Untitled (2005) was telling a story I was familiar with. A story of family love and dispossession and hard work and being clean in-spite-of. Of siblings who love hard and rowdy and rough. Of small spaces packed with extended family. Of bedrooms and trundle beds and sharing beds. Of shifting furniture to make a space roomy, airier, softer, hotter, more owned because we had yet to own anything of our own and because we could not assume we ever would so we had to be happy, perfectly happy, Nikki Giovanni happy living in rented apartments now. A story of foreign carpets in neutral shades that would never be white again but dammit if my mothers had anything to do with it, they would always, always be fucking clean….
It was as I turned back that I saw another young black woman, a slender and dark silhouette against the carpet on the wall. She stopped at Untitled (2005) for the length of time it took to blink twice, stalked over to read the description, and stalked away. A moment later she was back.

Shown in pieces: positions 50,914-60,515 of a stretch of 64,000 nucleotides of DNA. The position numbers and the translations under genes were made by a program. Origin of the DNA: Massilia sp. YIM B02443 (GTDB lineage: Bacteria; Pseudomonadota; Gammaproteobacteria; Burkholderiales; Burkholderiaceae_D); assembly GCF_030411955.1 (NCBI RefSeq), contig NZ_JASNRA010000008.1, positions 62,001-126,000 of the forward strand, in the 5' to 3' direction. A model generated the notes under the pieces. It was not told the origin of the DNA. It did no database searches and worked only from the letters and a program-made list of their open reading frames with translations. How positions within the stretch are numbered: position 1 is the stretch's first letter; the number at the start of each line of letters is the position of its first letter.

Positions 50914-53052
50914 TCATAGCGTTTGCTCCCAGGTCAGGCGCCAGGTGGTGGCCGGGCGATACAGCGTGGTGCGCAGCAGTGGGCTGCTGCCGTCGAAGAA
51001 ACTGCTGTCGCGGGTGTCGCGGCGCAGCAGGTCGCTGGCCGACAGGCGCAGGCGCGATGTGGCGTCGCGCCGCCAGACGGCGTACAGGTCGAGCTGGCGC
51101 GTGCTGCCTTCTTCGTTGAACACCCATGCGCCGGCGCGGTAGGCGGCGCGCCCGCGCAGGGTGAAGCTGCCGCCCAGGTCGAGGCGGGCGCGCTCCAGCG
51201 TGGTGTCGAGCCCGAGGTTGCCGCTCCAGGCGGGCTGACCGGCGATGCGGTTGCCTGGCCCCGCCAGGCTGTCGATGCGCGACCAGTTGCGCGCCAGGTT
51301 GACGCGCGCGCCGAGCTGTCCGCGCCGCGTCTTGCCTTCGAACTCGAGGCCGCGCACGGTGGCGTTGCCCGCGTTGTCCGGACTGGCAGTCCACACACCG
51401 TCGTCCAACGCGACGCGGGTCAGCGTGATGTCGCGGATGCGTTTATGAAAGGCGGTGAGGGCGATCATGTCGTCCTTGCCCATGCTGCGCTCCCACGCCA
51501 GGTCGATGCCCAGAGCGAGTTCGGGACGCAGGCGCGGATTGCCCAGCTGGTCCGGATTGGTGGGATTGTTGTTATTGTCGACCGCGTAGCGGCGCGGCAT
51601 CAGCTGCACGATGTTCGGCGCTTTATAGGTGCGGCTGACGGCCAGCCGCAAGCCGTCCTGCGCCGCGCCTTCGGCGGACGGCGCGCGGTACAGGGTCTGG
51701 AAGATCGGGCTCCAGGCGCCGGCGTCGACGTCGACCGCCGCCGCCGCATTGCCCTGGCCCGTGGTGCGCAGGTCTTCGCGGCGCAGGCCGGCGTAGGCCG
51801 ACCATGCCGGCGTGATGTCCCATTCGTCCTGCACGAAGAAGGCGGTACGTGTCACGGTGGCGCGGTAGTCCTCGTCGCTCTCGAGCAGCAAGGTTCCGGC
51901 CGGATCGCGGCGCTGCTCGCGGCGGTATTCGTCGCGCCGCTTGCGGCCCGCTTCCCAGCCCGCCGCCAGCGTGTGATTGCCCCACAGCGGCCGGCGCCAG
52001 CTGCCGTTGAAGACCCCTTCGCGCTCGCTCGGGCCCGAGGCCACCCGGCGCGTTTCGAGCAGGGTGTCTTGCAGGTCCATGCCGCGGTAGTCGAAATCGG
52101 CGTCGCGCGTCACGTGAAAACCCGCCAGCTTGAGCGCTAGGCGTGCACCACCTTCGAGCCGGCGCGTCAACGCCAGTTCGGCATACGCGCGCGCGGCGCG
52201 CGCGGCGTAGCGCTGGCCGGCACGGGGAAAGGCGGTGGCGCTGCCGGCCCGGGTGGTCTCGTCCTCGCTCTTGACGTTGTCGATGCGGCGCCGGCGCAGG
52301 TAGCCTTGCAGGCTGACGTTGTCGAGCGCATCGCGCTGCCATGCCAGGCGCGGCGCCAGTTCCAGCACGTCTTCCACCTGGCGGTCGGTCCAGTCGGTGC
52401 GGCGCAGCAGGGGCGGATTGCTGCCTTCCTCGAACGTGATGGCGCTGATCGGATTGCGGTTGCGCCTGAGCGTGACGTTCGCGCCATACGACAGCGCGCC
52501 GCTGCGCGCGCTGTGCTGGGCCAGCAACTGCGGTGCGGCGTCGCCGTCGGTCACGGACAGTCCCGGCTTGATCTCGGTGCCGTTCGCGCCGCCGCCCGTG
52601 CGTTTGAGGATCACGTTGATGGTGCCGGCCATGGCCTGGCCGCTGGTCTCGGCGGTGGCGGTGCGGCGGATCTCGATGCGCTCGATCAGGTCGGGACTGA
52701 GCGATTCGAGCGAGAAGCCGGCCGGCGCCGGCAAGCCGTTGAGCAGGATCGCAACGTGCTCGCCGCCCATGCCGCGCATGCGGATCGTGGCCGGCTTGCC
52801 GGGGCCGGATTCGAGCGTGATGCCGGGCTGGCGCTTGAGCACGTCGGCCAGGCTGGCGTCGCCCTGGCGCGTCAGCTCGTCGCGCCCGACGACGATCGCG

“Will you look at this?”
The young woman was dragging another young man with her to read the description. Her companion looked uninterested but surprised at the energy and emotion behind her insistence. She was animated. “Look!”
She gestured to the description in disgust and consternation. Then they both looked at the carpet. The young man bored but obedient. The woman indignant. “I just can’t get with this one. I just don’t understand it.” The young man nodded but did not commit, did not speak. He didn’t need to. He sensed (and I sensed) that the woman had simply needed an audience for her outrage because in another moment she’d thrown her hands up, turned on a flourish, and was stalking her way into the next gallery over, dragging him along. He was happy to go. His face hadn’t changed since he arrived on the scene.